Incumbent Tom Schedler faces competition from Louisiana State University law professor Chris Tyson in the race for Secretary of State.

In Louisiana, the Secretary of State’s office is the largest state agency and is responsible for elections and voter registration, business services and filings; the office also oversees state museums and archives.


October2015.inddChris Tyson says the “Schedler era needs to come to an end” and that his background and experiences line up with the responsibilities of the office.

“Right now, most people don’t know who the secretary of state is or what (he) does and that is the fault of the office,” Tyson says. Still, he believes that the office, if run correctly, can help make Louisiana a better place to live and work.

“It’s not a paper-pushing, bureaucratic position I want to hold. It’s not a salary. It’s not a résumé builder,” he says. “It’s a way to guide the state. As our secretary of state, I will fight to create more jobs, protect our state’s culture and ensure safe and fair elections.”

Tyson is especially concerned about the voting rights law suits against the department.

“Instead of correcting (problems), (Secretary Schedler) has chosen to litigate at a cost of $1.3 million and counting,” Tyson says. “The cases are unnecessary (partisan fights) that cannot be won.”

Tyson says he will work to improve access to elections by reducing barriers to participation through enhancements such as same-day registration, longer early voting periods and increased access to early voting. He also wants to move Louisiana to an opt-out mode of voter registration as opposed to an opt-in system. For example, when residents go to renew driver’s licenses, they would be automatically registered to vote without being asked if they want to. Instead, they would have to indicate that they don’t wish to register.

“I will work zealously to advance the right of every eligible person to exercise their right to vote. Period,” Tyson says, adding that he will also work arduously to make the office more responsive to the needs of businesses, especially small and rural businesses.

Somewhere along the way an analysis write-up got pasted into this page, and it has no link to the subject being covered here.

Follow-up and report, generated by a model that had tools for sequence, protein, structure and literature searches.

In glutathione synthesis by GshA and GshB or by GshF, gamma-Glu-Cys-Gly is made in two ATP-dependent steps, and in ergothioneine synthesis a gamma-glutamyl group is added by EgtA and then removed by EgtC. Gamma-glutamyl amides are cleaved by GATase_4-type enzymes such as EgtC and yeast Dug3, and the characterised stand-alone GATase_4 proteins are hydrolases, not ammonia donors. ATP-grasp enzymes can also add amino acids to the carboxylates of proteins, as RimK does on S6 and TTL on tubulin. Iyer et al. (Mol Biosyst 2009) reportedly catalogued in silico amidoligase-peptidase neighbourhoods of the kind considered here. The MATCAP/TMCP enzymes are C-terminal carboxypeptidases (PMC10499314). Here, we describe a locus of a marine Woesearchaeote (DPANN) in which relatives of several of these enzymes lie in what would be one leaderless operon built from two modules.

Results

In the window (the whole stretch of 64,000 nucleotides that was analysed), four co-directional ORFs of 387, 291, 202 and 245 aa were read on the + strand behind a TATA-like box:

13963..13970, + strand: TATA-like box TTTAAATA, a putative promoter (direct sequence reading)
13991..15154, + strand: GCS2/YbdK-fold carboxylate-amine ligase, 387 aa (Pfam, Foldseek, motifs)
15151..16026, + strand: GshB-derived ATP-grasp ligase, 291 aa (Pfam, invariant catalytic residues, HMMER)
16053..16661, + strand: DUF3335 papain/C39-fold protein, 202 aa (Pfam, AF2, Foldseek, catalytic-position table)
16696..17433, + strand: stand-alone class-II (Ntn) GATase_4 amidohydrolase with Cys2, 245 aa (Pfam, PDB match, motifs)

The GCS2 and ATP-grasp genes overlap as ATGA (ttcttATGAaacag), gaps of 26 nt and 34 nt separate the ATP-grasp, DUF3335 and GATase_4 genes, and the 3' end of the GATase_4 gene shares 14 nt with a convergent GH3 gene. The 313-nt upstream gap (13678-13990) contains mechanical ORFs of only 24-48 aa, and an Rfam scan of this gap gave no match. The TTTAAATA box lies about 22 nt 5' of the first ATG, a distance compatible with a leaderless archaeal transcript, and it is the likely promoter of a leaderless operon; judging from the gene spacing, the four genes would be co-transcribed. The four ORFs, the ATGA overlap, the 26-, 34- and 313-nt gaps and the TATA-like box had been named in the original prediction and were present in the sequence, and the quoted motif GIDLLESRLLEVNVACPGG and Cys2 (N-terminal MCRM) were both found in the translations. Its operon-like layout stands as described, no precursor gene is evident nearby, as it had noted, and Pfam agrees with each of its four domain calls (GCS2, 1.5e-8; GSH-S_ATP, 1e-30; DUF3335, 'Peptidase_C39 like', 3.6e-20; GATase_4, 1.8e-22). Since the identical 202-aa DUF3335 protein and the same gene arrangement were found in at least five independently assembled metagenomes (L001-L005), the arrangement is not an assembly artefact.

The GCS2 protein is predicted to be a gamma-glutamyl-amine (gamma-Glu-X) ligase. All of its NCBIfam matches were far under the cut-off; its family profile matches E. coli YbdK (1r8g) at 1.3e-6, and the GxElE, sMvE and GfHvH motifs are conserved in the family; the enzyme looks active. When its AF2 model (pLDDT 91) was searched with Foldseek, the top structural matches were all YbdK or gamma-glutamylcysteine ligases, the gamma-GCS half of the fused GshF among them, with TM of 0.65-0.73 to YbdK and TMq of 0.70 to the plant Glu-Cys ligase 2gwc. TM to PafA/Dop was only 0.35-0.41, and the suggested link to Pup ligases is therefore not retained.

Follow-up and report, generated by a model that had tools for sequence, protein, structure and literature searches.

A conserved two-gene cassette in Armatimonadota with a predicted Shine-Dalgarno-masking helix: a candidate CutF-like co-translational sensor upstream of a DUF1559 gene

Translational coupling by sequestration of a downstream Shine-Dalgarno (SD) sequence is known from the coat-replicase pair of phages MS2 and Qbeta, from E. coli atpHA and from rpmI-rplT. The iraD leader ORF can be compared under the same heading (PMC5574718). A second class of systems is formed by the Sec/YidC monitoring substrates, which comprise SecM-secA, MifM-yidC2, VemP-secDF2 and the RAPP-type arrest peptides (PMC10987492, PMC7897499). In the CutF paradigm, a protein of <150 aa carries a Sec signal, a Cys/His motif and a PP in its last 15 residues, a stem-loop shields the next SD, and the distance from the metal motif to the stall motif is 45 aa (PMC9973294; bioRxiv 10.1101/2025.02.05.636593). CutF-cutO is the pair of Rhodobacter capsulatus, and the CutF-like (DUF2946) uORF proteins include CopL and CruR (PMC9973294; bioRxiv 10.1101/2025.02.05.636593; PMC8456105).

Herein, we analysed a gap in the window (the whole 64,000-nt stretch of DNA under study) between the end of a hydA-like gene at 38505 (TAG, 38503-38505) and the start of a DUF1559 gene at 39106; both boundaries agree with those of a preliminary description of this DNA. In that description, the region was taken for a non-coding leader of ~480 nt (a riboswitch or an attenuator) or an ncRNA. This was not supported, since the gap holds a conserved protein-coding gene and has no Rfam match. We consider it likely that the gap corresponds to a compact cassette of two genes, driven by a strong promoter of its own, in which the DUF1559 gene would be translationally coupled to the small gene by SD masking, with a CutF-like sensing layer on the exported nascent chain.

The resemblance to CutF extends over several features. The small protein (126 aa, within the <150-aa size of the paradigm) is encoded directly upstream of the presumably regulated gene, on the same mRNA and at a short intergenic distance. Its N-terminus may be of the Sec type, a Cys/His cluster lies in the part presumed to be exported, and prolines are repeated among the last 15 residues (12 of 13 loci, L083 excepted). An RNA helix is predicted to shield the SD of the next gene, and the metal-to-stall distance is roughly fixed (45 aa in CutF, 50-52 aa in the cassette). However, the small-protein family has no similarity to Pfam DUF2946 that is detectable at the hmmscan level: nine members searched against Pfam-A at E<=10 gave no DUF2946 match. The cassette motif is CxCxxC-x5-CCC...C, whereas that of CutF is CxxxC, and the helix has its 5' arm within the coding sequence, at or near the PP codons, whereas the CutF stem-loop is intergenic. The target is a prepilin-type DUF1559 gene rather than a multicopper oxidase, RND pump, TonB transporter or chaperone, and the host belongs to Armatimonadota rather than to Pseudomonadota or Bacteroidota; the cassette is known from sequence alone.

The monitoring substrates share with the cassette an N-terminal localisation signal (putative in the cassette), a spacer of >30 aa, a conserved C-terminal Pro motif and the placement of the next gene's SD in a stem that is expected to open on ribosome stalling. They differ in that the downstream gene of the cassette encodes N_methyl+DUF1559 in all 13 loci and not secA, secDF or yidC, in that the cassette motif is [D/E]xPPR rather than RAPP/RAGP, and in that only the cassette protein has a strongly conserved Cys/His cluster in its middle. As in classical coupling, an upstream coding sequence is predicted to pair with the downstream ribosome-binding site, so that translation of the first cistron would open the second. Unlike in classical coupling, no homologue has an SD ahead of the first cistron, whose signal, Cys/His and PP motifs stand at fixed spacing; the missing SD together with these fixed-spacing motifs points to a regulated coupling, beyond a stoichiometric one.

“These are the people on the frontline of building and expanding Louisiana’s economy,” he says. “They can’t afford to hire advisors, lawyers and consultants to help them navigate the process of filing business documents or starting their business. We have to be responsive to their needs, with a focus on customer service and efficiency.”


October2015.inddIncumbent Tom Schedler says he has a record of success.

“I am running for re-election on a solid record of innovation and efficiency in the areas of elections, business development and museums/archives,” he says. “As the incumbent, I have grown to understand the critical nature of the job. My experience in banking, healthcare and real estate has allowed me to dig below the surface to look to solutions to some of Louisiana’s most challenging issues.”

Before becoming secretary of state in 2010, Schedler served in the Slidell City Council and as a state senator.

Schedler says if re-elected he will make ramping up the state’s election process a top priority, including exploring new voting technology as well as the possible funding of voting centers that would allow registered voters to cast their ballot anywhere across the state to make the process more convenient.

He also says he plans to continue strides he believes his office has made related to business services.

“As our state’s business ambassador, I’ve made doing business in Louisiana easier than ever before with the launch of our one-stop, on-line business portal,” Schedler says. “I plan to continue to streamline our business filings process through so that business owners can do more transactions on-line instead of having to travel to Baton Rouge or place documents in the mail.”


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